With thousands of miles on foot between us, and a lifetime of backpacking, camping, and traveling, we’ve hauled a lot of gear through the woods and around the planet.
Here are reviews of products sent to us, products we purchase, and products we use every day we are outdoors, from technical clothing to the electronics that help us do the job of keeping you updated.
These include not just items for hiking and backpacking – while that is Sandra’s main focus – but also for biking, paddling, and camping, for which John has lifetime expertise in selecting the proper gear.
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For Day Hiking
Day pack. Water bottles. Snacks. Map. Insect Repellent. Sun Protection (sunscreen, sunglasses, hat). Custom first aid kit. Rain jacket. Small flashlight. Camera and spare batteries. Cell phone. Whistle.
Backpack. Hydration bladder. Tent. Hiking poles. Sleeping bag. Sleeping pad. Headlamp. Food in food bag. Water filter. Water bottle. Extra socks. Dry clothes to sleep in. Toilet paper. Lightweight folding trowel. Custom first aid kit. Trash bag. Insect Repellent. Sun Protection. Map. Rain jacket. Camera and spare batteries. Cell phone. Whistle. Bandana. Hand sanitizer / soap. Camp shoes. Plastic bags to keep electronics dry. Optionally: Bear canister. Camp stove and fuel plus matches or lighter. Fleece. Extra shirt. Pack cover.
Selecting the Right Gear for Florida
If you have not hiked, camped, or backpacked in Florida before, our extreme humidity and wide swings of temperature mean you need to be ready for anything when you plan a trip during hiking season.
Hiking season runs October-April. Paddlers and cyclists can enjoy the outdoors year round, but our sultry, rainy summers make camping tough. As do the mosquitoes.
Things to think about when choosing what to carry on your outdoor adventures in Florida:
- Hydration is a must.
- It is always humid in Florida, which makes it less likely you remember to hydrate.
- Insect repellent and sunscreen are essentials year-round. A hat is a smart idea.
- You WILL get wet. Either your feet will get wet or your whole body, in the rain.
- It will get hot. It can get very cold in the winter. Sometimes within 48 hours of each other.
- Treat your feet right. Sand + water = abrasion and blisters.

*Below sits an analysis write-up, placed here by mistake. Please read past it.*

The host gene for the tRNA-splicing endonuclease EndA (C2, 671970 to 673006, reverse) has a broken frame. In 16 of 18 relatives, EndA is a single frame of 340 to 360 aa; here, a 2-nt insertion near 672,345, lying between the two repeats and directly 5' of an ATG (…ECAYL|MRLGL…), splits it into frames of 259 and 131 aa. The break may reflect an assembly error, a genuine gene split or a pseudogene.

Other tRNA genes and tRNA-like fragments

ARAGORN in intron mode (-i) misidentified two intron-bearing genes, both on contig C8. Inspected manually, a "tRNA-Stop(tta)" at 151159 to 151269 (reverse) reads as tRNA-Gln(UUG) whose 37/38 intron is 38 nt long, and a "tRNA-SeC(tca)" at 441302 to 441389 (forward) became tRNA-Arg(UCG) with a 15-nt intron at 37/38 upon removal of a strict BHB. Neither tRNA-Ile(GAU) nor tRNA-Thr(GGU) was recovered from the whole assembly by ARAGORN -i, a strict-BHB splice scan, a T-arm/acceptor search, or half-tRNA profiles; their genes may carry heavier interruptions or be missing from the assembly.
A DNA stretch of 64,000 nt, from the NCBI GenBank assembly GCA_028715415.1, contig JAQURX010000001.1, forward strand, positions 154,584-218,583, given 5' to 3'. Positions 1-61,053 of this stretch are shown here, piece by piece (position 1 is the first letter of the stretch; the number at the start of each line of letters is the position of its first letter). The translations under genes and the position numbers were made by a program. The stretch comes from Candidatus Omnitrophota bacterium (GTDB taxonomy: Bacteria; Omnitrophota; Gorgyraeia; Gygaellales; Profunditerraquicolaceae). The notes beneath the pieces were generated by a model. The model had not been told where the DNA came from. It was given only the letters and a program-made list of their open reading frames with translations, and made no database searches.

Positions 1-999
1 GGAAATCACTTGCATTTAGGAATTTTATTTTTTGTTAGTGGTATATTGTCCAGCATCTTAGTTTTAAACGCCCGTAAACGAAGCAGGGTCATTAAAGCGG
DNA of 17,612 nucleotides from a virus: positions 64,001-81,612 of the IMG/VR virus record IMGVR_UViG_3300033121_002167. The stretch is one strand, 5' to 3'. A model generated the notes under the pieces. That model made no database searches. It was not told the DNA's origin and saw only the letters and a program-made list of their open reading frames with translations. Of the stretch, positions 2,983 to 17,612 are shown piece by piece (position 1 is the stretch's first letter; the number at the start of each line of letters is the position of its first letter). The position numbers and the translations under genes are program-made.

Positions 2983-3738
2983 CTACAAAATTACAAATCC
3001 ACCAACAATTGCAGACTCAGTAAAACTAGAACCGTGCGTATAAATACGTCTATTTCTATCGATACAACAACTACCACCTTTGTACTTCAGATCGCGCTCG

This question keeps popping up: what are the best hiking boots? John explains how, through trial by trail, he figured out what works for him. His advice? Keep trying.
Backpacking Gear for Florida
These are our personal preferences for backpacking gear, including Florida-specific considerations you need to keep in mind while backpacking in our state. Florida’s prime backpacking months are January and February.
What does a hiker need to spend a week, or a month, or three months on the trail? Here are trail-tested suggestions for backpacking in Florida for trips of a week or more
A more general discussion about balancing comfort vs. weight when backpacking.
Once you have your core gear established, keep in mind it has other uses as well. The things you carry on a backpacking trip can do double duty in times of emergency, such as when the power is knocked out by bad weather.
Select a particular category to see all gear reviews for that topic.
What’s In Our Gear Closet?
Specific reviews of items we have used in the past or are using today, including gear for hiking, camping, biking, and paddling.
Some of this gear was with us on our Appalachian Trail hike, and all of it has seen time on the Florida Trail. Over time, we replace or upgrade our gear to lighten or strengthen what we carry.
John’s first backpack is now a museum piece. Sandra went through a parade of packs before settling on an Zpacks Arc Blast. Here’s what we carry and why.
For a couple of backpackers that want to share a sleeping bag, the Big Agnes Cabin Creek turns out to be an economical but bulky solution.
John trail-tests the Columbia Omni-Freeze Zero T-shirt after being introduced to the new fabric by a Columbia rep at the grand opening of REI Jacksonville.
If it’s tick season, or if it’s going to be wet and muddy, we break out our Dirty Girl Gaiters. Here’s why we don’t leave home with this piece of gear.
Hydrapak has served us well as an extremely compact day pack and hydration for both hiking and bicycle rides. Whenever one of us wants to “go light,” we pull the Hydrapak from our wall of packs and go.
After trying an array of camp stoves over the years, from Whisperlite to Zip and Esbit, I found the Jetboil. Now I feel comfortable cooking in the woods again.
A fan of lightweight backpacking tents (not tarps) since they first became available, my favorites are those produced by Lightheart Gear. We have two. Here’s why
On a field test along a long stretch of the Florida Coast to Coast Trail with no potable water sources, the Sawyer Micro Squeeze proves itself a worthy backup plan
When we met, both of us owned Tilley hats and wore them for most of our outdoor activities. Sandy’s had the same one for years; I’ve gone through several. Here’s why.